As we look ahead with enthusiasm to a future filled with wearable technology, haptic interfaces, augmented reality and smart everything, let’s be mindful to also look back and continue to learn from innovations and wisdom of the past.
Natural dye techniques, wood preserving methods, needle crafts, slow surface design techniques, the working & tooling of natural materials, and living in harmony with nature in order to achieve wellbeing are just a few lessons from ancient Japan, along with restraint and simplicity, which we should value and explore.
Here I’ve brought together my pick of contemporary products that pay homage to Japan’s ancient craft skills. From Sashiko and Shou Sugi Ban to the use of Indigo, these unique products have been made with passion, care and respect.
- The DALMA chair by design trio CARAPACE uses Shou Sugi Ban, an ancient Japanese technique that preserves the wood, making it robust and durable. The wood undergoes a charring process and is then washed and brushed with water to remove excess soot, before a natural oil is applied to seal it. This technique is traditionally used for the cladding of buildings.
- I love the magical glow of Ryosuke Fukusada’s limited edition Wooden Light Bulb available from LEDON. The are made using the traditional Japanese Rokuro technique – the bulbs are handmade by turning pine on a lathe and carving away until the bulb is between 2-3mm thick. An LED light is then placed inside the shell. The resulting bulb looks solid when off, but when switched on, a warm glow shines through the woods grain. Watch this VIDEO to see exactly how they are made in Kyoto.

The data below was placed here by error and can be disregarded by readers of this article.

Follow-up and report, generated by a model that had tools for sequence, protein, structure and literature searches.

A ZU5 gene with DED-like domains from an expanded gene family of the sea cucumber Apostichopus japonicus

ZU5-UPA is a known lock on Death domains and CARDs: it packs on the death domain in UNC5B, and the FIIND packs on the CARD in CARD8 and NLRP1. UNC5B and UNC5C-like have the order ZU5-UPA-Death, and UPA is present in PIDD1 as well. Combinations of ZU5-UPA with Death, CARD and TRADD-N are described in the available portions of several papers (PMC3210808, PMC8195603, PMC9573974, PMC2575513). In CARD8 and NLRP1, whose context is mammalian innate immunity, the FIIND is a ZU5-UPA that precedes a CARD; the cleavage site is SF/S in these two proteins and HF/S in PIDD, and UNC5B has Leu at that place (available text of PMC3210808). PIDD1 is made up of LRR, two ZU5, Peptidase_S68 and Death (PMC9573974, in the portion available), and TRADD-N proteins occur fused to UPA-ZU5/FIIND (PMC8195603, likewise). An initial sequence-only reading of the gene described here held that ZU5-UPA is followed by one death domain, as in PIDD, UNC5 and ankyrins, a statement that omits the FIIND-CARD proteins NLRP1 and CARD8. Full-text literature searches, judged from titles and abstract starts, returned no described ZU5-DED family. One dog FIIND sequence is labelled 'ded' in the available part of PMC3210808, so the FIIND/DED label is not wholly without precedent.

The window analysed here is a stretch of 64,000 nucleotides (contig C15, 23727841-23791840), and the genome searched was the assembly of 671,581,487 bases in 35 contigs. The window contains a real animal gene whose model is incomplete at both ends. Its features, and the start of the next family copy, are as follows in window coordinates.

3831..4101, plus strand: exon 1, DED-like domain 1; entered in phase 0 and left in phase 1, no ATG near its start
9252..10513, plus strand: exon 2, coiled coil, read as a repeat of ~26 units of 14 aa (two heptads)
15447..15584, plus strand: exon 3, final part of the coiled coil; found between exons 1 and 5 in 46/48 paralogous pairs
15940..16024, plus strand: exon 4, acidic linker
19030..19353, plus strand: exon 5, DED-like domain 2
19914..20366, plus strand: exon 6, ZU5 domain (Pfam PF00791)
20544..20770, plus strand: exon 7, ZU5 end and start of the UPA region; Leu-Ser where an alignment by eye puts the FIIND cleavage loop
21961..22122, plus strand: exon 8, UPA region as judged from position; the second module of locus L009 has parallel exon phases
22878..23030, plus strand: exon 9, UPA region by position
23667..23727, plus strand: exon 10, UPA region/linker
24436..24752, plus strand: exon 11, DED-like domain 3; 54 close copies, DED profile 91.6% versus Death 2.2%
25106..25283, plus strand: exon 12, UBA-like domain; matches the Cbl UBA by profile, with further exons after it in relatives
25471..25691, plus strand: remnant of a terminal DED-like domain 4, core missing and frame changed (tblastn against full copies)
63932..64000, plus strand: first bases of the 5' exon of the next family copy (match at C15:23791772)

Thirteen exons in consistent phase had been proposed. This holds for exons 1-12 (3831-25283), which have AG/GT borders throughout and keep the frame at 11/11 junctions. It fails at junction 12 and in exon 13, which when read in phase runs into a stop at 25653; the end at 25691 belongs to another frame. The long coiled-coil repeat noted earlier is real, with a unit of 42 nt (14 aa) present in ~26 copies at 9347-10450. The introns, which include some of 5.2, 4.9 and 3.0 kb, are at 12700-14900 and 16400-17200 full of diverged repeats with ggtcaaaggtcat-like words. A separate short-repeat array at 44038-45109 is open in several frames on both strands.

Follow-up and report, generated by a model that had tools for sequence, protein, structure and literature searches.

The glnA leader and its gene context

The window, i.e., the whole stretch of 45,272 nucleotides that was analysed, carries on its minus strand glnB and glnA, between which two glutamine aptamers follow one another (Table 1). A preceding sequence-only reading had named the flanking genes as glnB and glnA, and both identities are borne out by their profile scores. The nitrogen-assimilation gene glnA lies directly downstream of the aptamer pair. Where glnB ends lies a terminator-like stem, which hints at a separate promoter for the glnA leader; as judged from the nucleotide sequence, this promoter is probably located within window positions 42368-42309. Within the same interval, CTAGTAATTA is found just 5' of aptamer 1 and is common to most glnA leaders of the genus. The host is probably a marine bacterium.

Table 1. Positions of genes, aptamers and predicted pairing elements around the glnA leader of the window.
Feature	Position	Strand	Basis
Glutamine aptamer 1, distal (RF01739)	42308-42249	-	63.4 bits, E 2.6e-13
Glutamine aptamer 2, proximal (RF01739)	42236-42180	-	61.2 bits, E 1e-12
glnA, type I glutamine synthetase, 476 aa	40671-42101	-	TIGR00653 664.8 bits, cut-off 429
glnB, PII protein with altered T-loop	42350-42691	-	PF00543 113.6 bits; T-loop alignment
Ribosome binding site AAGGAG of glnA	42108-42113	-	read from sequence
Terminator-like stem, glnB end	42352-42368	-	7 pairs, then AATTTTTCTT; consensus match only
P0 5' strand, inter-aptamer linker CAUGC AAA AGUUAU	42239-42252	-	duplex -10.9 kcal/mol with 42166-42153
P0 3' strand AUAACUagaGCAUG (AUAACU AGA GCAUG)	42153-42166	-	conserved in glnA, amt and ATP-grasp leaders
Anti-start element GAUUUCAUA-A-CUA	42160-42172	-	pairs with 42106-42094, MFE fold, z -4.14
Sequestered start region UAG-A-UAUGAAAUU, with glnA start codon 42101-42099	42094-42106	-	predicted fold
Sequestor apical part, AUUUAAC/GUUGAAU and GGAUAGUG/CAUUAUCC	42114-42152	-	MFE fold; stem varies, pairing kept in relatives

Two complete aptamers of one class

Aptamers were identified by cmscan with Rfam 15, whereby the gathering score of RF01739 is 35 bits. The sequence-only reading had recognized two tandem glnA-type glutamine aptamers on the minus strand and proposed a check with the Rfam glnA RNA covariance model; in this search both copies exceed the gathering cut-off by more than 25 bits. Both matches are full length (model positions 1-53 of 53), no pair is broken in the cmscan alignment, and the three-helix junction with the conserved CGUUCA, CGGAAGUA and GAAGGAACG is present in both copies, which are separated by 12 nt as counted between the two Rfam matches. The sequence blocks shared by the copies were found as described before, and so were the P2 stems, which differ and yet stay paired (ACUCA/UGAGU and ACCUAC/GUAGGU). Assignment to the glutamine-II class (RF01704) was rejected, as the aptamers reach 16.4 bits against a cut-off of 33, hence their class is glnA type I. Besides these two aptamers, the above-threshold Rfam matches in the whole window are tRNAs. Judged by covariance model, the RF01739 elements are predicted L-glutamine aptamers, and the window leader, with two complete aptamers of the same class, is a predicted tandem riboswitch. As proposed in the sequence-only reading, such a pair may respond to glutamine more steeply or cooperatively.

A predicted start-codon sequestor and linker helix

- The Sashiko Leather Tray is handmade by the wonderfully talented Etsy seller Joey of SubconsciousCrafts, based in Rennes, France. Sashiko (meaning “little stabs”) is a form of decorative running stitch technique from Japan. Traditionally used to reinforce points of wear, or to repair worn places or tears with patches. Usually white cotton thread stitched on traditional indigo blue cloth gives sashiko its distinctive appearance, but here Joey uses hand-stitched white thread on vegetable hand-dyed tanned leather to create this unusual tray, assembled via corner snap buttons.
- The Blue & White Beaker by South African-based ceramicist John Newdigate uses a very similar method to Shibori (the Japanese resist-dye technique described in point 7) but here John uses wax and cobalt oxide on porcelain instead of indigo and cotton/linen.
- The Mökki lamp-pot by architect-designer Caterina Moretti of Peca mimics the shape of a house surrounded by a mini-landscape that the end consumer designs. It pays homage to Zen Gardens and the art of Bonsai. Hand carved from White Onyx & Carrara Marble and with an LED light, it is a pot that gives life, light and a sense of wellbeing.
- The Ki-oke Stool by OeO Design Studio fuses the fine tradition of Kyoto woodcrafting with Western sensibilities. The result is an object of beauty which also pays homage to traditional bucket making in Japan. Handcrafted in Japan by Shuji Nakagawa, they are available in Japanese cypress (sawara) and in a limited edition of Japanese cedar (jindai-sugi) with a natural, 2000-year-old patina.
- The Shibori Tie-Dye Pillow from Posh Living is hand dyed and custom made especially for you when you place an order. Shibori (meaning “to squeeze or wring”) is an ancient Japanese tie-dying resist technique (the earliest known example dates from the 8th century) using methods to bind, stitch, fold, twist, gather or compress cloth so the dye (usually indigo) can’t reach certain areas and therefore patterns are created.
- Think about ways to honor and promote the heritage and traditions of your company, manufacturing methods or products.
- Think about ways to tell the story of the products you sell in engaging ways … not just the technical spec.
- Think about ways to create calming, edited-down retail experiences (this applies to website design and brochures too!).
Thanks for reading …. Stay safe!
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